This blogpost is written by Asyana Eddy, one of our first year student ambassadors. The article was originally written for SLASH, the online magazine of our student association Caerus.
The end of November and beginning of December chimes in the joyful cheer of children as the celebration of Sinterklaas begins. However, in recent years, it has started the uncomfortable, angering, and, in my opinion, necessary conversation about the controversy of Zwarte Piet, or the English translation, Black Pete.
The celebration typically starts the second Saturday of November, when Sinterklaas arrives on a steamboat from his home in Spain. This is known as the Intocht Van Sinterklaas, he arrives with his white horse and Zwarte Pieten, and they are welcomed by crowds of children and families excited to see them. On this night, children put their shoe in front of the fireplace, sometimes with a carrot for Sinterklaas’ white horse, and they sing songs. They wake up the next morning with small gifts in their shoe, or a lump of coal if they were naughty. Children do this every Saturday night until the 5th of December. The celebration of Sinterklaas continues over the next few weeks, and the spirit is notable as the stores fill with Sinterklaas themed decorations and costumes, pepernoten (small spiced cookies), chocolate letters, speculaas, and other holiday treats. Images of Sinterklaas and Zwarte Piet are seen throughout the city, along with themed parties, events, and shows.
December 5th is known as Sinterklaasavond, and this is the night where many families get together and exchange gifts. How people celebrate can differ between families, some play a game exchanging gifts, while others pull lottery tickets weeks prior and make a surprise and poem for the selected family member. The next day, December 6th, is said to be Sinterklaas’ birthday and this is the day he gets back on his steamboat and heads back to Spain.
For such an innocent and traditional celebration some may ask, why the controversy?
The image of Zwarte Piet can be quite startling, especially to foreigners in The Netherlands, as he is painted completely black and throughout history that has been known as blackface.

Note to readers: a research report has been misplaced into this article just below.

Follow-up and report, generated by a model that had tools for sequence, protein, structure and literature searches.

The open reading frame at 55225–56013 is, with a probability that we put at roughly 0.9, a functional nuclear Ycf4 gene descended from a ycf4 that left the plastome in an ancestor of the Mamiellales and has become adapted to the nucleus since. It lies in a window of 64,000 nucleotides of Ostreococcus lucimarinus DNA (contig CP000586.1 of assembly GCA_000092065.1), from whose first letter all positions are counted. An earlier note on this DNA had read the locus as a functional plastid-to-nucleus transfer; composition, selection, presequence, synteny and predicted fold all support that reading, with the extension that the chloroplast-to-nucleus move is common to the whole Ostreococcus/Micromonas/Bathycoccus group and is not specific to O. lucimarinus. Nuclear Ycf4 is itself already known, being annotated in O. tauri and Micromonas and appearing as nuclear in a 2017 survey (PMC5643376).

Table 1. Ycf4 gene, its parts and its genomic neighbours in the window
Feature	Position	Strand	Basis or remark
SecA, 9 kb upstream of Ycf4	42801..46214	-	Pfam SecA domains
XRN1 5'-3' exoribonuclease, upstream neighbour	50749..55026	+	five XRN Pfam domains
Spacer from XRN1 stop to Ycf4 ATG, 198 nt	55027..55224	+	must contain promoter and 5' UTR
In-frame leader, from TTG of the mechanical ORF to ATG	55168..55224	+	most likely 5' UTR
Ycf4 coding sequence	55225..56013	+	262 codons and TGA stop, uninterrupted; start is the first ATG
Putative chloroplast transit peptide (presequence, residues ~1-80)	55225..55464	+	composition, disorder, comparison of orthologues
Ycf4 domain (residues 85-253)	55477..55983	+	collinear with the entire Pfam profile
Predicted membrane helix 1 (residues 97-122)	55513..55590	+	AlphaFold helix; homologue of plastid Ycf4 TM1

The movement called “Zwarte Piet is Racisme” or “Black Pete is Racism” took storm in 2011. It reached a global level of conversation in January of 2013 when representatives of the UN said they were looking into whether or not the Dutch custom is racist. As a result, they produced a letter stating, “The character and image of Black Pete perpetuate a stereotyped image of African people and people of African descent as second-class citizens, fostering an underlying sense of inferiority within Dutch society and stirring racial differences as well as racism.” This finding was not met with a positive or accepting response. The conversation became fuelled with anger and defence, many people refusing to see the correlation between Zwarte Piet and a colonial slave. Amsterdam’s mayor, EE Van der Laan, wrote, “…the tradition is not in the least static. In the past 50 years, Zwarte Piet was no longer depicted as an ogre for educational ends. He evolved from being the stereotypical subservient ‘black slave’ into a cheerful ‘clown’”. Many argued that the blackness comes from the soot of the chimneys, which in turn, does not explain the excessively large red lips, afro wigs, or gold earrings.
“For 150 years we have been confronted with this institutionalized racism and we are supposed to be living in the most tolerant and anti-racist country in the world. In the 21st Century there should be no room for racism, especially open racism.” said Jerry King Luther Afriyie, a Ghanaian-born Dutch citizen. His opinion is shared by many, even among other countries. In 2014, Sunny Bergman, filmed a short documentary called “Our Colonial Hangover” where two Zwarte Pieten walk through London and hand out toys, and people’s responses are filmed. The strong responses the Zwarte Pieten received revealed the shock and disgust that many people around the world have when they see what this tradition entails. Many comments by people on the street included something along the lines of, “How do they not see that this is offensive?” A man who was clearly from African heritage stated, “ You cannot put this in the face of people who have been oppressed, who have been slaves, you cannot then say here’s what we think of you.” The team even managed to get the famous actor and activist Russel Brand to comment on the tradition of Zwarte Piet, “This tradition dehumanises people that are of a different ethnicity and reduces them to a lower status of either toys or a degenerative role as servants” he says,
“We think of holland as a very advanced nation, with very advanced social principles, so it’s very surprising to see this kind of tradition…I think it’s a colonial hangover”.
As society progresses, it is necessary to question and to challenge societal norms, practices and traditions. It is necessary to reflect on where our practices and traditions stem from and where they lead to. Hear this, the majority of the Dutch population has no intention of being racist, and their meaning behind the celebration is not to be racist. However, the reality is that the impact of the celebration and tradition is. Impact will always carry larger significance than intent. So, is it time to reflect and maybe change what may very well be this country’s “Colonial Hangover?”.